She said that starting your own business can be scary at first, but that it is worth it.

“It takes time, patience and a lot of hard work, but I definitely encourage you because it’s benefitted me in so many ways,” Gonzalez said. “I’ve met so many new people. I’ve learned so many new things about myself as well.”

Jarshea Williams, a sophomore psychology major, attended the small business exposition to show the community her fashion designs. She provides a variety of services, from putting custom prints on clothing to bedazzling clothes.

Though Williams started her small business recently, she started getting interested in fashion design at 11 years old, when her love for clothes began. She said she stopped working on fashion design for a while but decided to do so again because it was something she really wanted to do.

“It was a thought that came to my mind like ‘Maybe I should just express my talent more,’” Williams said. “I mean, I’ve been doing it, so I thought more people would want to see what I can do.”

The small business exposition also featured Shavon Edmond, a sophomore sociology major. She is an entrepreneur who makes and sells jewelry such as hair jewelry, rings, ear cuffs and nose cuffs.

Edmond started her business in the summer, when she saw people on Tik Tok making and wearing nose cuffs. She started by making her own nose cuffs then branched off and made other types of jewelry.

She said making jewelry helps her express herself creatively, and that the process of making jewelry can be stress relieving.

Edmond also said she appreciates all the support she has gotten on her small business since she first started thinking about starting it. She said that having the right support and network can help those starting small businesses succeed.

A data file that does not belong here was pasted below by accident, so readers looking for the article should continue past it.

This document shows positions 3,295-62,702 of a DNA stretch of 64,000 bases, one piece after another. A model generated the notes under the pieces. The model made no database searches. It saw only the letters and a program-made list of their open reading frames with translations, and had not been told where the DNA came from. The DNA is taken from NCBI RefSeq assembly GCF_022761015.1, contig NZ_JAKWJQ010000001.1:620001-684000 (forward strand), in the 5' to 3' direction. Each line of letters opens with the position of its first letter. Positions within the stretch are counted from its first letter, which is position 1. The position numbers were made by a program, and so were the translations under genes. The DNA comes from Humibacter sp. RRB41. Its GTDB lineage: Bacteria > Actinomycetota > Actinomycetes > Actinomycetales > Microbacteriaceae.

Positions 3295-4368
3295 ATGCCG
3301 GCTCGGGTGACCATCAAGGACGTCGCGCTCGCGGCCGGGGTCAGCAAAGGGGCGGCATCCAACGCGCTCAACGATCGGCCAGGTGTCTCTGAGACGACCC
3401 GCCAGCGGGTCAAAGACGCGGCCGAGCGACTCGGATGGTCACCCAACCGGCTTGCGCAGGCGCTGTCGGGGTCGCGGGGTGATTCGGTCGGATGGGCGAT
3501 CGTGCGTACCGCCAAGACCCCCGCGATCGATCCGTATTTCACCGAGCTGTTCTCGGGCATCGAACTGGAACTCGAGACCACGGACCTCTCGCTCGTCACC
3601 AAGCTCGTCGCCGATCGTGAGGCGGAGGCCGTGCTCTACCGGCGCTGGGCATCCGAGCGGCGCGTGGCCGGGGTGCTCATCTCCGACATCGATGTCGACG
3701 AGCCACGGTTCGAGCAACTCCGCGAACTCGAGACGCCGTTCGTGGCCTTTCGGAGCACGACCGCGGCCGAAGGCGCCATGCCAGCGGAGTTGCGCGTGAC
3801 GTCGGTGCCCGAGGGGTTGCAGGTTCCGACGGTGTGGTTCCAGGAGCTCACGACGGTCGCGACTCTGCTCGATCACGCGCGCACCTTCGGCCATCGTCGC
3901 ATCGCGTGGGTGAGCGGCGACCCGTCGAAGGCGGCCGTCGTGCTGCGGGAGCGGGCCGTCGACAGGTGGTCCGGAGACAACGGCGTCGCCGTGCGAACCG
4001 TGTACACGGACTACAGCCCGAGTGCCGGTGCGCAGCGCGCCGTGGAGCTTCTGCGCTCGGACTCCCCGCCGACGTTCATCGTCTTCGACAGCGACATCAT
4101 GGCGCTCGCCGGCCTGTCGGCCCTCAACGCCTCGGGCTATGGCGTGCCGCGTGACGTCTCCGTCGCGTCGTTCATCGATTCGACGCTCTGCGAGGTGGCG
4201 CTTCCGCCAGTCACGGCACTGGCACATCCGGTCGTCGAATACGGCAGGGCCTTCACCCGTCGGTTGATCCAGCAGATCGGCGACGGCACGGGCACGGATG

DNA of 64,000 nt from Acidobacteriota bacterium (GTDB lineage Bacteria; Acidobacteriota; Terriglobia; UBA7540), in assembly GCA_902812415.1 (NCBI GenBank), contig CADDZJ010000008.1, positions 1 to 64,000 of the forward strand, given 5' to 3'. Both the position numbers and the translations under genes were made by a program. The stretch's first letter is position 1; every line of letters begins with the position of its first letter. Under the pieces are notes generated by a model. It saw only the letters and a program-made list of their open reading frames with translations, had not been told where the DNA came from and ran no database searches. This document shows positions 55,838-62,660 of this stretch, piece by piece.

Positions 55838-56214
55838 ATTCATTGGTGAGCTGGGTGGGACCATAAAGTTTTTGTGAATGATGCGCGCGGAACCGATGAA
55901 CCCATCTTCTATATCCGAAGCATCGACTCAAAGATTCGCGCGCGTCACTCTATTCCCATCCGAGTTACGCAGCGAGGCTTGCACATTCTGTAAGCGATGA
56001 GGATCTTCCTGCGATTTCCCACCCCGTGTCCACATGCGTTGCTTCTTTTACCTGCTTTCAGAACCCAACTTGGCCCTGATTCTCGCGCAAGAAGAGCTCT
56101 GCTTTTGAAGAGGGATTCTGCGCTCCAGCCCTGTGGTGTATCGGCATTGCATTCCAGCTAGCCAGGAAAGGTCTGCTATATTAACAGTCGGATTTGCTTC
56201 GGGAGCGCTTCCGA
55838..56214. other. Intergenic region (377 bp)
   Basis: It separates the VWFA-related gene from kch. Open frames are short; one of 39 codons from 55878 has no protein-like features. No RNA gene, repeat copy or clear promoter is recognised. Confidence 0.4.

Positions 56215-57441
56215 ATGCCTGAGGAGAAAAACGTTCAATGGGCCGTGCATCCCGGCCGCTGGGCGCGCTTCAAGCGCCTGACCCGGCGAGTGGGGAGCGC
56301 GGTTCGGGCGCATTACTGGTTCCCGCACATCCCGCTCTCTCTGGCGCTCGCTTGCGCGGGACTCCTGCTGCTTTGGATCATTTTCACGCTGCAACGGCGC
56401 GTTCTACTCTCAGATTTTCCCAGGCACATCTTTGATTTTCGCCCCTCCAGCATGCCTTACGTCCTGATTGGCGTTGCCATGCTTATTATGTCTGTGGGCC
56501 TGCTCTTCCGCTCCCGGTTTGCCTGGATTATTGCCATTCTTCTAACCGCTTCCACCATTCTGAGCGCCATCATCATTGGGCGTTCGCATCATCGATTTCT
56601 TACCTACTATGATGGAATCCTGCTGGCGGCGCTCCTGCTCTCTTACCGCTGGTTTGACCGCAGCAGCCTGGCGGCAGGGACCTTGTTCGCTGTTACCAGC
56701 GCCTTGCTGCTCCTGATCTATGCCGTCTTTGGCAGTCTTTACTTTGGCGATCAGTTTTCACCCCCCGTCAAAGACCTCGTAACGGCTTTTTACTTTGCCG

“Especially on campus, a lot of people are interested in my products,” Edmond said. “A lot of people, they like to support me and stuff. That’s real good to me. I just started out a couple months ago and just getting the support and love for it is real good.”

India Rials, a freshman business major, provides a variety of services which she showcased at the exposition. She is a hairstylist, make-up artist and press-on nail supplier.

Though Rials started her business a month ago, she has been doing hair and make up for the majority of her life. As a creative person, Rials said she has always loved doing hair and make up.

“I just kind of like seeing other people’s reactions when I’m done,” Rials said. “Just seeing them go from zero to a 100 and feeling themselves kind of just makes me feel better knowing that someone else feels better.”

James said that she hopes more people will support more small businesses and more Black businesses.

“I think a lot of the time, people look at smaller businesses like they’re not good enough or they don’t have good products, and that’s completely opposite from the truth,” James said. “I feel like small businesses, they care a lot, whereas maybe big corporations, they’re really just eating your money. I think it’s really important to support small than support big.”


Kyara Morales-Rodriguez can be reached at 581-2812 or [email protected]